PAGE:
The Ministry of Labor and Social Policy in Bulgaria

Author: 
UNDP

With accession to the European Union (EU) local governments in Bulgaria have been gradually developing capacities in areas required under European Union benchmarks. This included capacities for the administration of decentralized social services, under the Ministry of Labor and Social Policy (MLSP). The country needed to shift from highly centralized and government-funded social services, often unable to reach the most vulnerable in rural areas, to a decentralized, community-managed system capable of providing quality services where most needed.

As unemployment was running high in the country (18% in 2000, well above the EU average), the MLSP realized that, to succeed, it needed to focus on both demand and supply: in other words, provide care to the poor and unemployed, while creating employment and therefore reducing the number of people in need of services. In this overall context, MLSP approached UNDP with the idea of a project which would guarantee sustainable community based social services, and maintain its commitment through strong political leadership until and beyond the country’s official entry in the EU.

Response

MLSP and UNDP worked hand in hand to design and implement a holistic capacity development intervention, to strengthen MLSP itself and create a network of qualified partners from the private and public sectors, the central and local levels, which, as a coordinated system, would guarantee high quality services to Bulgarians.

The project (“Social Services for new employment”, SANE, 2002-2008) worked to reinforce the capacities of MLSP, of the municipal administrations in charge of implementing the system at local level, and of NGOs, which in partnership with the municipal administrations, act as service providers. With MLSP, UNDP worked primarily on reviewing and defining more comprehensive legislation on social services to address gaps in procedures for implementation, capacity strengths and needs and in defining quality criteria for selection of a monitoring system, based on users’ feedback. With regards to the pilot in administrative municipalities, a training package was designed for staff, and provided an overview of the new decentralized model for funding, management, provision and monitoring of the new Social Assistant service, including social negotiation with the NGO-service providers.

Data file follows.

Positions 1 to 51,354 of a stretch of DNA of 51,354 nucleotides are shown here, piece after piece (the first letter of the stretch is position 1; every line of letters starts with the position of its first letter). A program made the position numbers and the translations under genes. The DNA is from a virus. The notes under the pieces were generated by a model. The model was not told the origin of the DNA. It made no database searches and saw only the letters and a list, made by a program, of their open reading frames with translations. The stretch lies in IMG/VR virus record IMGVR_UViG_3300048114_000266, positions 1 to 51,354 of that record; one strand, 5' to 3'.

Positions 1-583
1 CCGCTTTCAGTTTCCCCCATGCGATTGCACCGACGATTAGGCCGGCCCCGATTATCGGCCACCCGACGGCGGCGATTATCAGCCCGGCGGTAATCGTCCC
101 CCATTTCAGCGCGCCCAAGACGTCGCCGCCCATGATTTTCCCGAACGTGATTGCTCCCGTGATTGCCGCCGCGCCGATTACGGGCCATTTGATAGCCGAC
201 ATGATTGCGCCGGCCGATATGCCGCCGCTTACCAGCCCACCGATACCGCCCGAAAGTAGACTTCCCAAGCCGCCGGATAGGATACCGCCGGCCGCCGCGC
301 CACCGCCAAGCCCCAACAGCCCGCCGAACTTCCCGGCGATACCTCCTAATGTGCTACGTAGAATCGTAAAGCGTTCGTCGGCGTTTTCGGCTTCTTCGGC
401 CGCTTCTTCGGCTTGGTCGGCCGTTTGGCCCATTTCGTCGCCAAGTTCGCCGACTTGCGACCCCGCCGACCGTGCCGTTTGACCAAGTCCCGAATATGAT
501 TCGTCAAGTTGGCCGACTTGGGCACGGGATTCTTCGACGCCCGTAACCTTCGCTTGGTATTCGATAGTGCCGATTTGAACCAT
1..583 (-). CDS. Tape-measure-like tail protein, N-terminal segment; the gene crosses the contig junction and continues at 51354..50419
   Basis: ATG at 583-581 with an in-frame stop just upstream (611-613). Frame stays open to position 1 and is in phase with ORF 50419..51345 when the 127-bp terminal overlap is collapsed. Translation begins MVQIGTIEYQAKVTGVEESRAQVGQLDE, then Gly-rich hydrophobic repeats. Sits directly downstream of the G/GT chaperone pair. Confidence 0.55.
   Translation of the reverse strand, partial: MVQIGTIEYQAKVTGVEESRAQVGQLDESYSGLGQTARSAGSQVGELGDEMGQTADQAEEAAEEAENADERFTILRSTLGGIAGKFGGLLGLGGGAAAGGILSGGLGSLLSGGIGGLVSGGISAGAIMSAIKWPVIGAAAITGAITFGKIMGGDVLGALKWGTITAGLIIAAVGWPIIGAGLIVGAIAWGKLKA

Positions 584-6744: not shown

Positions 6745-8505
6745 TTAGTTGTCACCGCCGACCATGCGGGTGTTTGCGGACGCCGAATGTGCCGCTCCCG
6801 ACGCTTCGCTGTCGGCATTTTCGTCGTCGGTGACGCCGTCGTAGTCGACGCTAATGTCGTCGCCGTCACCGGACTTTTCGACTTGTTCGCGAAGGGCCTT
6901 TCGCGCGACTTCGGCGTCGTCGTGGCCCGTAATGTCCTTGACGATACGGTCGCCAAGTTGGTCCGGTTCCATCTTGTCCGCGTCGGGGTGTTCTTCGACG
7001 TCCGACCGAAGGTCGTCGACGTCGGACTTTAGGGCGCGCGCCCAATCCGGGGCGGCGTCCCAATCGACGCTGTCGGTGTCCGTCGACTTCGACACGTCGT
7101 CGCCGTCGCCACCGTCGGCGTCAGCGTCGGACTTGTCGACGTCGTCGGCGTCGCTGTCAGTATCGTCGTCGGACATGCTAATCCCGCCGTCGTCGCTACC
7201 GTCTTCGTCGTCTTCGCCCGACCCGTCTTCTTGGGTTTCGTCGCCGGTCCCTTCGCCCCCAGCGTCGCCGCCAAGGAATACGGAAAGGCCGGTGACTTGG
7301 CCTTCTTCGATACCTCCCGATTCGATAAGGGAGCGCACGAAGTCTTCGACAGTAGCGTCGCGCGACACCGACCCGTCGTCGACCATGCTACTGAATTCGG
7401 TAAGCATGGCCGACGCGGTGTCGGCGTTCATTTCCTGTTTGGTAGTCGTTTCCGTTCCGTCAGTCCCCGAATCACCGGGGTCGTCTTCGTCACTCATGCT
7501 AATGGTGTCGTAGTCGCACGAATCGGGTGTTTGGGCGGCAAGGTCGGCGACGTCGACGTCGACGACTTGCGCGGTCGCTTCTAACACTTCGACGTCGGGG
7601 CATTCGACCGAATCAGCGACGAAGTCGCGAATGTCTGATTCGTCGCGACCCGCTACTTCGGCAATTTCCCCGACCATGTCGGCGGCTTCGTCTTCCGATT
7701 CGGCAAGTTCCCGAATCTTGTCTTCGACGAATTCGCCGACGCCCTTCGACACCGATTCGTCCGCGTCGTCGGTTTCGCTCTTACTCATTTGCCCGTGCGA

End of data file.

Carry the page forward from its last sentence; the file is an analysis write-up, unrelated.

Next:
In the 2000-2010 decade, two other complementary projects supported the development of MLSP capacities. A capacity assessment of the MLSP Directorate for pre-accession funds was conducted and then training was provided to the Directorate staff on strategic thinking and planning. In 2004-2006, the institutional support focused on: 1) defining a Human Resources Development Operation Programme; and 2) identifying and improving the communication channels between central and regional structures and other local stakeholders.

Results

The government’s motivation to meet the requirements to join the European Union acted as a strong push toward national ownership of all development projects and interventions. By 2005, ownership at local level was demonstrated, with the municipal administrations willing to co-finance project activities. The partnership developed in the last 10-15 years between the MLSP and UNDP, resulted in:

  • successful transition from costly and hardly efficient centralized social care to sustainable community-based social services in the country;
  • adoption of secondary legislation, including a Methodology for the Provision of the Social Assistant Service (and national standards) and instructions for the operational organization of the Social Assistant and Household Assistance services;
  • new criteria for vocational training of Social Assistants established and included in the educational system;
  • a cost-sharing model that split the financial burden amongst the users of social services and the national and local governments;
  • MSLP ability, through its network of quality partners, to extend the coverage of all 265 municipalities, which, in turn, are now able to co-finance, manage and control the outsourced provision of the community-based Social Assistant Service. In numbers, while in 2003, 635 people who needed care were tended for by 263 new assistant (previously unemployed and now trained accordingly), by 2008 there were 7,346 people from vulnerable groups accessing the services of 3,304 assistants;
  • guaranteed sustainability and improvement/adaptability, among others, by an annual assessment of the work of the NGO providers, as mandated by the secondary legislation supporting the Social Assistance Act;
  • exchange of lessons learnt among NGOs and municipalities, and, empowerment of local population to influence local and national level decision-making.

When Bulgaria became an EU member, the Social Assistant service was the first to be negotiated under the European Social Fund, and is now run by funds coming from the state budget as well as the European Social Fund. As a country in transition from a recipient to a provider of development assistance, Bulgaria, in cooperation with UNDP, has shared its experience in this sector with other countries in the region and beyond.

Year of publication: 
2010
Collection: 
Other collections
Country: 
BULGARIA
Themes and sectors: 
Economic development
Themes and sectors: 
Social protection

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